As regards the standard of proof, the determination of the facts of the case must be based on all available and admissible evidence and must be justifiable as well as objectively comprehensible. A defendant may only be convicted if the criminal court is convinced, beyond any reasonable doubt, that all conditions for criminal liability are met.
Corruption is not frequent alleged and even less frequently proven in the UAE.
Article 257 of Federal Law No. 3 of 1987 (i.e. the UAE Penal Code -which applies to both Federal and Free-zone jurisdictions), as amended in September 2016, provides for the imprisonment of those individuals named in the article which ‘issues a decision or expresses an opinion or submits a report or presents a case or proves an incident, in favour of a person or against him, contrary to the duty of fairness and unbiasedness…’.
The standard for proving corruption in the Courts, is the same high standard of proof, as with all criminal matters in this jurisdiction.
There are no statistics available to assess the frequency with which corruption or bribery allegations are made in an arbitration context. It is worth noting, however, that in Premium Nafta v Fili Shipping  UKHL 40, the House of Lords held that unless the arbitration agreement specifically (as opposed to the main contract) can be shown to be induced by bribery, the arbitration agreement will remain valid.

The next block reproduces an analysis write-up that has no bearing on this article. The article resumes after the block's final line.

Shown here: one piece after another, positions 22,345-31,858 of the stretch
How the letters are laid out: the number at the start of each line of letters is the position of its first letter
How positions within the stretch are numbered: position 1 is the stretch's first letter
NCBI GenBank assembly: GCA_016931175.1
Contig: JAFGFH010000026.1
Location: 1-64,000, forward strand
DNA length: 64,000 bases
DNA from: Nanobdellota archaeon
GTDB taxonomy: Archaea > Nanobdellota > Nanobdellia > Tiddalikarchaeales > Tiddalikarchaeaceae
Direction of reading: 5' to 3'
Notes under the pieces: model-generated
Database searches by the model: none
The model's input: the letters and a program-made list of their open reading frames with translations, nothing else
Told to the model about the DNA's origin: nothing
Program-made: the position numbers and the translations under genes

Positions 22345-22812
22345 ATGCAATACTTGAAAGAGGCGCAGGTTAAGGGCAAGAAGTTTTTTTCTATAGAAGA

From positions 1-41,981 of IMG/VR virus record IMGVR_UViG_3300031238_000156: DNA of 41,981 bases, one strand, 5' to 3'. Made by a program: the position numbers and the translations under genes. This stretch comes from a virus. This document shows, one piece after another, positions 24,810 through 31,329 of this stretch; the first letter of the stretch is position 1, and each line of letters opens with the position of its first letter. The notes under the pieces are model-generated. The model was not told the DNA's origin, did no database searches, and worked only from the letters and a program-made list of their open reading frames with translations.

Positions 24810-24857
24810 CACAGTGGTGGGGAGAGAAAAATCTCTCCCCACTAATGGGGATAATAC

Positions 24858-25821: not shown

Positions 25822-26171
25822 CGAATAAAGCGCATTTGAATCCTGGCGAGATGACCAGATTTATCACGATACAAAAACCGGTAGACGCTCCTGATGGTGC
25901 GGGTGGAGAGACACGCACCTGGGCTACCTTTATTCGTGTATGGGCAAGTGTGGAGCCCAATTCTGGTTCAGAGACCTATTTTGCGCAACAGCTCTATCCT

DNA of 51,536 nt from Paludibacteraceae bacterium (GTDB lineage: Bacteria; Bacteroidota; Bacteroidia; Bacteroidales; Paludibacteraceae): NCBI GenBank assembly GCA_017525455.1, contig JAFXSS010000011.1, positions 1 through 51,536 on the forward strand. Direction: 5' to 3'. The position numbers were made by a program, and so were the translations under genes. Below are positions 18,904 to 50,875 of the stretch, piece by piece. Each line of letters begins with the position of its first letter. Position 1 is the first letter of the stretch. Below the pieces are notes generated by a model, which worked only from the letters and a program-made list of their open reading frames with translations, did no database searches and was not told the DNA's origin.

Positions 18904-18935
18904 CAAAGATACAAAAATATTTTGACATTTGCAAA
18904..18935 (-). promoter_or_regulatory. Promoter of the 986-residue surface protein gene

The KSA seeks to eliminate corruption through the National Anti-Corruption Commission (Nazaha) which aims for a transparent governmental system by applying the Kingdom’s anti-corruption laws and regulations such as, the Anti-Money Laundering Law (2012), Anti-Concealment Law (2004) and Anti-Bribery Law (1992).
Comparative to other countries, corruption is not an issue that is regularly raised in the U.S. The U.S. ranks 16 out of 180 countries on Transparency International’s 2017 Corruption Perceptions Index (https://www.transparency.org/news/feature/corruption_perceptions_index_2017).
Corruption allegations that arise in the U.S. related to bribes of foreign officials can be prosecuted under the Foreign Corrupt Practices Act (“FCPA”), while allegations that arise in relation to domestic officials can be criminally prosecuted under domestic anti-bribery statutes.
An individual may face criminal charges for bribery of public officials and witnesses under U.S. domestic law. 18 U.S.C.A. § 201. The standard of proof applicable to criminal charges in the U.S. is “beyond a reasonable doubt,” which is a very high standard that requires there to be no reasonable doubt in the mind of a reasonable person that the criminal defendant is guilty. See In re Winship, 397 U.S. 358, 362 (1970).